Single-Nucleus RNA Sequencing (sNuc-seq) Applications

In earlier studies investigating RNA or DNA, all the cells of a population were pooled together to collect information. However, the diversity and complexity of various cell types are becoming increasingly clear. Single nucleus RNA sequencing techniques have been developed to sequence the RNA present in single cells.

Single nucleus RNA sequencing techniques have been developed to sequence the RNA present in single cells.urfin | Shutterstock

Advantages of single-nucleus RNA sequencing

RNA sequencing requires preparing single cell suspensions from fresh tissue, which is very difficult in tissues that do not dissociate easily. Using harsh enzymatic dissociation methods further destroys the integrity of neurons and their RNA. Thus, the data can be biased for samples that dissociate easily and cannot be performed on patients that suffer neurodegenerative disorders.

For these reasons, single nucleus RNA sequencing was developed. This method can be performed on frozen, fresh or lightly fixed samples. Even minute quantities of samples from tissues that are difficult to dissociate can be used for this technique. It helps to detect rare cell populations and define signatures of different cell types.

Challenges of single-nucleus RNA sequencing

This technique involves sorting the nuclei using Fluorescence Activated Cell Sorting (FACS). Hence, it is difficult to scale this method to include tens of thousands of nuclei from brain tissue, or to perform the technique on a large number of tumor biopsies from a patient.

To counter these drawbacks, several modifications to single nuclei RNA sequencing have been developed. Also, this method excludes the RNA from the cytoplasm.

What are the Applications of Single-Nucleus RNA Sequencing?

Sequencing RNA from tissue without massive dissociation

It is possible to rapidly and easily dissociate nuclei from tissues that have been either lightly fixed or frozen without excessive processing. This allows acquisition of the transcriptome without great disruption to the cells. This makes it convenient to collect genomic information from tissues from which it is difficult to separate single cells.

The transcriptional information extracted from single nuclei may be similar to the information extracted from single cells, but the representation of RNA and pre-mRNA from nuclei is greater.


DroNc-sequencing is a modification of single nuclei RNA sequencing and combines the advantages of single nuclei RNA sequencing and droplet microfluidics. This method has helped to assess thousands of nuclei at low cost and with massive throughput. This method was developed as single nuclei have smaller and lower amounts of RNA compared to whole cells.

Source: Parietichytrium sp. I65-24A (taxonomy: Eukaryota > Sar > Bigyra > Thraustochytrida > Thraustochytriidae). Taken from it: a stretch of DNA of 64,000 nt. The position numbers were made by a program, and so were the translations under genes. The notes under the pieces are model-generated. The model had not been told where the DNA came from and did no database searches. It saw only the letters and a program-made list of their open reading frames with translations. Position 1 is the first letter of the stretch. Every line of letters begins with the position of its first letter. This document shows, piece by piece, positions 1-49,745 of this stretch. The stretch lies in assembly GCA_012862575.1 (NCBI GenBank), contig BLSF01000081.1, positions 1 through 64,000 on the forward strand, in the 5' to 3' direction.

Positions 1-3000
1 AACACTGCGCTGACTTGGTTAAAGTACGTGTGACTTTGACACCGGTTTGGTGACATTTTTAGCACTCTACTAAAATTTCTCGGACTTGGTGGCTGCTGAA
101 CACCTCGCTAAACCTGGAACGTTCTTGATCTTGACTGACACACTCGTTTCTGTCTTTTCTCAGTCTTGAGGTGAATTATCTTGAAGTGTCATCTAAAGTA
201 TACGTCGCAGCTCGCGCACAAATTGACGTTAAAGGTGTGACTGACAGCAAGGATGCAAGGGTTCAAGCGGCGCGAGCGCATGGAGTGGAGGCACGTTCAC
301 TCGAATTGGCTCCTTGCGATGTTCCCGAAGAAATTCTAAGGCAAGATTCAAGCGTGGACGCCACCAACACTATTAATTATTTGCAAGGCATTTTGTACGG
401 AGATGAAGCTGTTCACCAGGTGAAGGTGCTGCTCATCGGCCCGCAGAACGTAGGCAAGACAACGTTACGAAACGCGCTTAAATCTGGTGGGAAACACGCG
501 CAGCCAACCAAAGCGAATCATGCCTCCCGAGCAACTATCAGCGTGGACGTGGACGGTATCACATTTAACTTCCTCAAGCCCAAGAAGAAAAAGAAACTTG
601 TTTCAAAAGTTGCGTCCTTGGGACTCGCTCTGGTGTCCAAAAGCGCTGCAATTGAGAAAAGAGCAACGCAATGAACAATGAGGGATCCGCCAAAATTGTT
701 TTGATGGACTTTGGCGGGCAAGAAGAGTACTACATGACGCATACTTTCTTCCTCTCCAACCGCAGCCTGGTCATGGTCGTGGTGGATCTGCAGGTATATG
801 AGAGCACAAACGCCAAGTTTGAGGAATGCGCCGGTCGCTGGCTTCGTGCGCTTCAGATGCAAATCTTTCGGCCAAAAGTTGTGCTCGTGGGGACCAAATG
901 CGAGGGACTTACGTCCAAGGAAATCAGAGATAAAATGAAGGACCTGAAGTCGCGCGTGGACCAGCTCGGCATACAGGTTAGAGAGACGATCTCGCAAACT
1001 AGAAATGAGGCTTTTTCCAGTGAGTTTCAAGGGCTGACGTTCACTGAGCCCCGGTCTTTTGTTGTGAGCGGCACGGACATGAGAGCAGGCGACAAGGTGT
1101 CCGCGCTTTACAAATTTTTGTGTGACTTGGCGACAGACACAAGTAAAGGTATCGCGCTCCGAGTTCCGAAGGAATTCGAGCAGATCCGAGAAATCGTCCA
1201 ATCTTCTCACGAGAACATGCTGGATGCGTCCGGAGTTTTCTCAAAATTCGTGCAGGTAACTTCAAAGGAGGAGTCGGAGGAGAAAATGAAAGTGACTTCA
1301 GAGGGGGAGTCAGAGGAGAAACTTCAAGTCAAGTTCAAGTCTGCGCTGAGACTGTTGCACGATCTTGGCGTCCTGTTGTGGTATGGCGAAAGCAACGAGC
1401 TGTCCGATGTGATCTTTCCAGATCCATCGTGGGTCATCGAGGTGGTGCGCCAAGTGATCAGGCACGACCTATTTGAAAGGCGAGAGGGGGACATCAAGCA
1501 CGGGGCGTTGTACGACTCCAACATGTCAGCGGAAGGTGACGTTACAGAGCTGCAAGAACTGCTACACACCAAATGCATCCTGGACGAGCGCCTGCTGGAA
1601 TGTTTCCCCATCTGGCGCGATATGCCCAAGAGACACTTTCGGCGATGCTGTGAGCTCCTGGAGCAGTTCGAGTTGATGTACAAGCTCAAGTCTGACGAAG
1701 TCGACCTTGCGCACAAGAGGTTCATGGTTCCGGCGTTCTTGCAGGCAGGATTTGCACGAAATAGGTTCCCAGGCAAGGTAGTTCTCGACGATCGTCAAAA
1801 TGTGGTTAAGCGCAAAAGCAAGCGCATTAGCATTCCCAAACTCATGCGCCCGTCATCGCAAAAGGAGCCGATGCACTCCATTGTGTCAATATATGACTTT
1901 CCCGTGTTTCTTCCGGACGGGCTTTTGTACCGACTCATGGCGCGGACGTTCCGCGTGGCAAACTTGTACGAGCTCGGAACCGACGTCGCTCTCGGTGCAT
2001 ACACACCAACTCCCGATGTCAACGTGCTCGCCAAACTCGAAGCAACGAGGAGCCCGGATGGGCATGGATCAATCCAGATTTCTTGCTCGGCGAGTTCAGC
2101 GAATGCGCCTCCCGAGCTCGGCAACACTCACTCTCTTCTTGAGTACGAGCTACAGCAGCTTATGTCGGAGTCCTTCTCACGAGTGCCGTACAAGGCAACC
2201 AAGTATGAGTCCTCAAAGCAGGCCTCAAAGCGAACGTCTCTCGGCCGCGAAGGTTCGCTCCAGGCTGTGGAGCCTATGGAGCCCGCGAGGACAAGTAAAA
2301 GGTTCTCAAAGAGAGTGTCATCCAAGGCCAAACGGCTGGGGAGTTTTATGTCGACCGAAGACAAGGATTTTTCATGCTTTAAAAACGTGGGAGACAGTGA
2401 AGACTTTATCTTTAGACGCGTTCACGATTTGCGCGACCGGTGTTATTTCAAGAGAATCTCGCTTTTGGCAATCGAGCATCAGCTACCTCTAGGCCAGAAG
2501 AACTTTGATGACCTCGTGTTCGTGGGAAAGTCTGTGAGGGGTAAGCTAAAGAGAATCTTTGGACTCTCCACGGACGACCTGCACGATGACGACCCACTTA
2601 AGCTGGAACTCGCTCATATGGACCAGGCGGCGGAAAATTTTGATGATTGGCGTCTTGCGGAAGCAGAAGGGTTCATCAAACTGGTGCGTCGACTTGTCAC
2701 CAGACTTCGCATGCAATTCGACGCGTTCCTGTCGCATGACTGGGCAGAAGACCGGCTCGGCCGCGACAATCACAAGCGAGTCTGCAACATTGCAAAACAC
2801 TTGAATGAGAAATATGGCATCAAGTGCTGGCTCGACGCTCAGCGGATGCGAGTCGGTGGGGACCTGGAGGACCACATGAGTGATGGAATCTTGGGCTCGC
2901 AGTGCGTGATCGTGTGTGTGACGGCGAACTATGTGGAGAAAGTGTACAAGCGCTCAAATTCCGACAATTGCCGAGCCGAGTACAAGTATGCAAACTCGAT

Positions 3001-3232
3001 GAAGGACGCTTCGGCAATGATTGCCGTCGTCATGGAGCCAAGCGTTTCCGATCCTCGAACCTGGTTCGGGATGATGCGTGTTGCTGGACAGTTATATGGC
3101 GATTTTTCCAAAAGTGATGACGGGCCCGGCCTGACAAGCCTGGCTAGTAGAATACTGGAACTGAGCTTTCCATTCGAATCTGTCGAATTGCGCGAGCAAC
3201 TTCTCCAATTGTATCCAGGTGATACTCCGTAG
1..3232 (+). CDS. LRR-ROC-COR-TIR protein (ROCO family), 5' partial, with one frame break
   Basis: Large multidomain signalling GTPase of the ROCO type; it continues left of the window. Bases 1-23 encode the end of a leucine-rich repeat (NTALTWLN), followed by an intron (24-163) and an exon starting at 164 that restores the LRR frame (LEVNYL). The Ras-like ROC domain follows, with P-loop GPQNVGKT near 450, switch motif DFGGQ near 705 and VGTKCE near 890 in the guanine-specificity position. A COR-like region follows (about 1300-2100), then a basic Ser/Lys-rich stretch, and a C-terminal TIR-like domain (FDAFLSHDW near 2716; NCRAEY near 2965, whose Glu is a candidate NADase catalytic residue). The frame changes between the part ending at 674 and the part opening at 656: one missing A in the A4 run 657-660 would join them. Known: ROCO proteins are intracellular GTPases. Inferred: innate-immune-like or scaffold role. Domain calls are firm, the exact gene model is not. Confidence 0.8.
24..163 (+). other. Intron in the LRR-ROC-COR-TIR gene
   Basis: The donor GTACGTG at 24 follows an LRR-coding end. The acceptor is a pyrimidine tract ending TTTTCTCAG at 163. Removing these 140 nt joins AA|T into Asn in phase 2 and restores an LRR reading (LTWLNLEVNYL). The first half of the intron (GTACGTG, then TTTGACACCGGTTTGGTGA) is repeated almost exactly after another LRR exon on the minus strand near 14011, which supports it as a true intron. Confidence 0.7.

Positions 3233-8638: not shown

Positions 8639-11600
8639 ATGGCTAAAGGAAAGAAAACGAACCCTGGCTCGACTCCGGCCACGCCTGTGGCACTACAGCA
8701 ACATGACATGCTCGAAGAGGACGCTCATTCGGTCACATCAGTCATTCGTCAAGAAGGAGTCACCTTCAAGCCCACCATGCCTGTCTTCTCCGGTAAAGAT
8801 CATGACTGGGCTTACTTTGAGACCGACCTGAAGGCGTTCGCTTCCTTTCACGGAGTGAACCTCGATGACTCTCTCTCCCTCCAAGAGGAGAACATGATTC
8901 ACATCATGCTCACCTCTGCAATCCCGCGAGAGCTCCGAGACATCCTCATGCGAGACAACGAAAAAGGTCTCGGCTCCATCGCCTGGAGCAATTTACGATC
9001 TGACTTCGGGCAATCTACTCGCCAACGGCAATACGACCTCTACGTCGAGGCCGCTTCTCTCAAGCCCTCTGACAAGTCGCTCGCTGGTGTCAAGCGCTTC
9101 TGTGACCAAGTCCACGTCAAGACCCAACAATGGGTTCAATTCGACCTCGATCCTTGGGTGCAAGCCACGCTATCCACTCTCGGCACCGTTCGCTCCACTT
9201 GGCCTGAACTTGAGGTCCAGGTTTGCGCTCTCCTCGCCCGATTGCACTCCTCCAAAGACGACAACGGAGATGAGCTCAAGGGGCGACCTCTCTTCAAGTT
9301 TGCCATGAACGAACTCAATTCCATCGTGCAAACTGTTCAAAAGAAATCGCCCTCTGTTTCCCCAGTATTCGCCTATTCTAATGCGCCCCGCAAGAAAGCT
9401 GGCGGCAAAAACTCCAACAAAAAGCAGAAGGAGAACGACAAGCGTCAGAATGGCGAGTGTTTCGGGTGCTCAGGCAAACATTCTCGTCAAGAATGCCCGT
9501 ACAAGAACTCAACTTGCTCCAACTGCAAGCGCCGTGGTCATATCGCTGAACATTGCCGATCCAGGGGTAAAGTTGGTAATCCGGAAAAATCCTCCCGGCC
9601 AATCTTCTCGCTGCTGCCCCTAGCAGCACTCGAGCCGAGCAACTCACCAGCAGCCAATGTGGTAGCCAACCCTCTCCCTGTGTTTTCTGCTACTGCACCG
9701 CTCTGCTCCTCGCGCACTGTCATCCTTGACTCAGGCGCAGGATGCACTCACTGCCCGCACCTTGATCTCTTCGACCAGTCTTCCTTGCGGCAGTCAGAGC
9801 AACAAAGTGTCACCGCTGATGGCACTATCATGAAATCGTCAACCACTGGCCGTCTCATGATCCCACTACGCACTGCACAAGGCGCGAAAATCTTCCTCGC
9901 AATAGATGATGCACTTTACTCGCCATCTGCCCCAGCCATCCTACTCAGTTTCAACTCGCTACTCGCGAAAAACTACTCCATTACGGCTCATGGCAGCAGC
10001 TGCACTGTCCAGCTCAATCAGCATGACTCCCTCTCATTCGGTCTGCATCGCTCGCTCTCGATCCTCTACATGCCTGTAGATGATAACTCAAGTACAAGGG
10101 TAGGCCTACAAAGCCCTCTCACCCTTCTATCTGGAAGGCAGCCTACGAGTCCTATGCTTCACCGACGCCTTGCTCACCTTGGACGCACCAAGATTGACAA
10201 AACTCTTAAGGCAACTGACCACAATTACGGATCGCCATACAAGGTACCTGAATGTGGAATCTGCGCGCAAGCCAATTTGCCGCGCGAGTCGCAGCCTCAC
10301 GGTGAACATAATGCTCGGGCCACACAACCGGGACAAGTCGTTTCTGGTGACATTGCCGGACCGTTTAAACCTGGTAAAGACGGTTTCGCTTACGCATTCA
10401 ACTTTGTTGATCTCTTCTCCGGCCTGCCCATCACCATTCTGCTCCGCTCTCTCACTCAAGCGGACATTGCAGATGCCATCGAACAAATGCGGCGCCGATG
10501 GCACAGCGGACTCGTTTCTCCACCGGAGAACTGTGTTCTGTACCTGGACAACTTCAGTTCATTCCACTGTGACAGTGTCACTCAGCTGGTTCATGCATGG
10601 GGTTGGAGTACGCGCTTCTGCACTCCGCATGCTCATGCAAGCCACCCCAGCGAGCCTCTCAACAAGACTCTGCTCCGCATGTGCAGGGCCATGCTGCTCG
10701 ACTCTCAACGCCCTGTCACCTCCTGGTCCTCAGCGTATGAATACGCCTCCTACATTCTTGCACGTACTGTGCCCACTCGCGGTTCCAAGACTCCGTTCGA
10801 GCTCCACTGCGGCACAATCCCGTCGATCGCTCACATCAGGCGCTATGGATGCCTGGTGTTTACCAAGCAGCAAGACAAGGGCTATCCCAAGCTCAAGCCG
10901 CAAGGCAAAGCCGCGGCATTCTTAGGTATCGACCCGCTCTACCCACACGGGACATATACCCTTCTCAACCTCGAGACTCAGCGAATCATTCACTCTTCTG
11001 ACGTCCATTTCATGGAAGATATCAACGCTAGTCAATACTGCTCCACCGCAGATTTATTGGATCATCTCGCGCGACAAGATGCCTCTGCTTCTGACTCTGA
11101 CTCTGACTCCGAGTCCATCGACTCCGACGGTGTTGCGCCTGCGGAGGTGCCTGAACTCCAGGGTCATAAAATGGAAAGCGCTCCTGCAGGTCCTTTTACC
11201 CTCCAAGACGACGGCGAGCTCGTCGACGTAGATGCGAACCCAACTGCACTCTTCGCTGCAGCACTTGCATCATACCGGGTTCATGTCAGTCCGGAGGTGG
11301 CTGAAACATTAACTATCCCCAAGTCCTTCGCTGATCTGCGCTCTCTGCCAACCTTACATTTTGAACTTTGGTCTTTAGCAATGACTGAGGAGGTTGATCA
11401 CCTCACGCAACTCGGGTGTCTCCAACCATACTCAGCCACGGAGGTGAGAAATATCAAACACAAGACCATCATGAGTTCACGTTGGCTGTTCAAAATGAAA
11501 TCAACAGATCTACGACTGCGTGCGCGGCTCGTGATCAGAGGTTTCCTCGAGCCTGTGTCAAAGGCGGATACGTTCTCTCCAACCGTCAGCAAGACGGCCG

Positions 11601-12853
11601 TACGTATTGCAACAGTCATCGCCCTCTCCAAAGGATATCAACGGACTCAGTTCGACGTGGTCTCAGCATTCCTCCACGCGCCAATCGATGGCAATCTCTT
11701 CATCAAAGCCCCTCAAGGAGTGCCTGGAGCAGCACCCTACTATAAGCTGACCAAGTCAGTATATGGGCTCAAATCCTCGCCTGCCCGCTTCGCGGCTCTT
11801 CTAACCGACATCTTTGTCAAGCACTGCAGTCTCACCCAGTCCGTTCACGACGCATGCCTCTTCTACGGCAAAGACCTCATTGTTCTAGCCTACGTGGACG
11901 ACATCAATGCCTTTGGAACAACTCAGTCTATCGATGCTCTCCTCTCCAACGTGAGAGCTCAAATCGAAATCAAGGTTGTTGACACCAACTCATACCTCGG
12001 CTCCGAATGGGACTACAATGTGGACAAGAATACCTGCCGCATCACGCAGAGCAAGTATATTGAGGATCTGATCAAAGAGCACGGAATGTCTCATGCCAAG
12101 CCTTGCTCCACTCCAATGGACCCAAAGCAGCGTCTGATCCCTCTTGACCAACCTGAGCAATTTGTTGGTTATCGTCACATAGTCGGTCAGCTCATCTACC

In DroNc-sequencing, the single cells and DNA barcoded beads are encapsulated together in droplets which were generated using microfluidics. This accelerates expression profiling and also reduces cost. Using this method, the researchers could identify unique and high-quality expression profiles associated with neurons, glial cells, and other cell types in the brain.


Div-seq is another modification to the single nuclei sequencing method. This method provides an improvement over the nuclear sequencing technique. Here, 5-ethynyl-2’-deoxyuridine (EdU) is incorporated into the labeling which is further used to identify cells that are in different stages of division. This helps to identify different types of cells in different stages of the cell cycle.

The incorporation of EdU helps to identify different cell types in a population of cells and also rare populations while utilizing fluorescence activated cell sorting methods. The procedure involves labeling the cells with EdU, dissecting and fixing them before isolation into single nuclei.

These individual nuclei can then be tagged with fluorescent markers and sorted using FACS. After this, Smart-seq2 protocol is used to perform the cDNA analysis and then a cDNA library is constructed.

Further Reading

Last Updated: Apr 3, 2019

Dr. Surat P

Written by

Dr. Surat P

Dr. Surat graduated with a Ph.D. in Cell Biology and Mechanobiology from the Tata Institute of Fundamental Research (Mumbai, India) in 2016. Prior to her Ph.D., Surat studied for a Bachelor of Science (B.Sc.) degree in Zoology, during which she was the recipient of an Indian Academy of Sciences Summer Fellowship to study the proteins involved in AIDs. She produces feature articles on a wide range of topics, such as medical ethics, data manipulation, pseudoscience and superstition, education, and human evolution. She is passionate about science communication and writes articles covering all areas of the life sciences.  


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